Psoas Talk with Christye

Ah, the iliopsoas: the filet mignon of muscles...literally. If you’ve ever ordered filet mignon at a steakhouse, guess what? You’re eating a cow’s hip flexor. And while I suppose this information might come in handy if you were trapped on a desert island and forced to resort to cannibalism and had to know which human muscle would be the most tender, tasty choice for your survival needs (that got pretty dark...), it's also just a good muscle to know. Your psoas is essential to your ability to move well, and important to understand when training your body for better athletic performance. Out of all the muscles that work to flex the hip, your psoas is the strongest. Helping you walk, run, and stand are all part of a day’s work for the psoas. Because it is so central to human movement, the iliopsoas can cause some major problems when it is either too tight or overstretched. Too short, and it can pull your pelvis into an anterior tilt, compressing the spine and pulling your back into hyperextension (I call this "duck butt"). But if your psoas is weak and overstretched, it can flatten the natural curve of your lumbar spine ("flat butt"), making it vulnerable to injury, and cause pain and instability at the front of the hip. It's even possible for your psoas to be overstretched and tight, pulling your pelvis forward and leaning your spine into a "swayback" position.

Anterior tilt ("duck butt"), posterior tilt ("flat butt"), and forward pelvic shift ("swayback") are affected by the health of the psoas, and can put your body into compromising positions.

Anterior tilt ("duck butt"), posterior tilt ("flat butt"), and forward pelvic shift ("swayback") are affected by the health of the psoas, and can put your body into compromising positions.

The dilemma for many athletes? Knowing the status of their psoas. Familiarizing yourself with this muscle, its intended functions, and the way it functions within your own body will help you know which type of maintenance—strengthening or stretching—your psoas needs for you to move better.

Where is it? What is it? What does it do?

The psoas major and iliacus join forces to effectively flex your hip joint.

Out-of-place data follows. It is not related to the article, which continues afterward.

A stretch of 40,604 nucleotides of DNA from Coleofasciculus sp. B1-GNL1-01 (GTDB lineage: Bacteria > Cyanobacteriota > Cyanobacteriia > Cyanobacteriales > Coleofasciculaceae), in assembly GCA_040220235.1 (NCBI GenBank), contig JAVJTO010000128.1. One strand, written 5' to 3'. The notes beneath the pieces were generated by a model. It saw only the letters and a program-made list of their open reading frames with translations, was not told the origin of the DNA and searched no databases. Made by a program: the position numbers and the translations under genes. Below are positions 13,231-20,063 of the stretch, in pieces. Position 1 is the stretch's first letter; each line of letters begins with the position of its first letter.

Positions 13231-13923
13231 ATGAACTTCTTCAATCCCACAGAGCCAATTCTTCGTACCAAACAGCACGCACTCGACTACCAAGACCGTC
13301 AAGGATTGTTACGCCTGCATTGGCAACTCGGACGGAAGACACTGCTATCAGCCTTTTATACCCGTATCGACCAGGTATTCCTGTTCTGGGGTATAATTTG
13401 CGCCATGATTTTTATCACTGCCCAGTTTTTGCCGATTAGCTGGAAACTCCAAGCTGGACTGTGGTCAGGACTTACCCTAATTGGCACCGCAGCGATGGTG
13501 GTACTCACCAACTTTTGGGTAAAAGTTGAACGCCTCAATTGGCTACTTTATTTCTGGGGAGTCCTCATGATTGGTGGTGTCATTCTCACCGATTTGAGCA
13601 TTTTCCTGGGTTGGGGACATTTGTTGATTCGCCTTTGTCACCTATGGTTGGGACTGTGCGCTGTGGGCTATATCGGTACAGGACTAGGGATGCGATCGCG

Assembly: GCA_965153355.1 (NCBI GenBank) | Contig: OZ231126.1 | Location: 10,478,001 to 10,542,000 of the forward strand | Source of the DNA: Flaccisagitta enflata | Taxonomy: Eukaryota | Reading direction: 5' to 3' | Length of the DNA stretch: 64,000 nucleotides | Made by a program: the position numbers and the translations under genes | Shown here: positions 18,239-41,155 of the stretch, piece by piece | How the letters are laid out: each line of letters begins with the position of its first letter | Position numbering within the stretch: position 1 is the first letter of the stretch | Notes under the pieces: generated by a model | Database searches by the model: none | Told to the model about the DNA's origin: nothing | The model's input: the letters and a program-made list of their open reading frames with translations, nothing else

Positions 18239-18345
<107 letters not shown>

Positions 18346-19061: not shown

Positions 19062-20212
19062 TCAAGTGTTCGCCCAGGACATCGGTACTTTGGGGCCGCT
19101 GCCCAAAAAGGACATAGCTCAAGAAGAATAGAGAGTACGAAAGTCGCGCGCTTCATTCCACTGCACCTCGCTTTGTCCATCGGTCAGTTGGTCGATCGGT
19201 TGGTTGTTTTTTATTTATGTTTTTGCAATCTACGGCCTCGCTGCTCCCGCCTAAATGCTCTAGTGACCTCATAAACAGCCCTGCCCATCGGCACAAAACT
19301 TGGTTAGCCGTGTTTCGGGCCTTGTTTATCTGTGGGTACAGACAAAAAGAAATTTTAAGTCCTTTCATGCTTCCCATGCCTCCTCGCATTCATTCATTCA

The psoas major and iliacus join forces to effectively flex your hip joint. 

The iliopsoas is technically a group of two muscles comprised of the psoas major and iliacus. These muscles originate in different places (the psoas major at the lumbar vertebrae and the iliacus at the pelvis), but unite with each other to cross the hip joint and attach at the femur. It’s a tale of two muscles from different neighborhoods, joining forces to work toward one common goal (I’d totally see that movie!).

Because they are virtually indistinguishable at their distal end, functioning as one muscle to flex and laterally rotate (supinate) the thigh, they are usually referred to as the “iliopsoas” (although I’m going to use just “psoas” in this article, because I’m talking mainly about the spine-to-femur functionality of the iliopsoas). The psoas is active when you walk and run, flexing the hip to move your leg forward and then lengthening to allow the opposing movement of hip extension, accomplished (primarily) by the gluteus maximus. Your GM and your iliacus work on opposite sides of the hip as antagonist muscles, meaning they have an inverse relationship with one another—when one contracts, the other must relax to allow movement in the opposite direction. So when your psoas is too tight, it pulls your GM into an overstretched state, and vice versa.



A shortened psoas (from sitting too much) can lead to a hyperlordotic lumbar spine, but not every psoas is short and tight.

A shortened psoas (from sitting too much) can lead to a hyperlordotic lumbar spine, but not every psoas is short and tight.

Most of us sit a lot during the day, compressing the front of the hip and thus the psoas, and because of this, I see blanket prescriptions for hip flexor stretching all over the Internet. But if you, or an athlete you know, has pain originating at the front of the hip joint, stretching the psoas may actually do more harm than good! Knowing whether your psoas is short/tight and needs stretching, or weak/overstretched and needs strengthening is crucial for preventing injury and improving performance.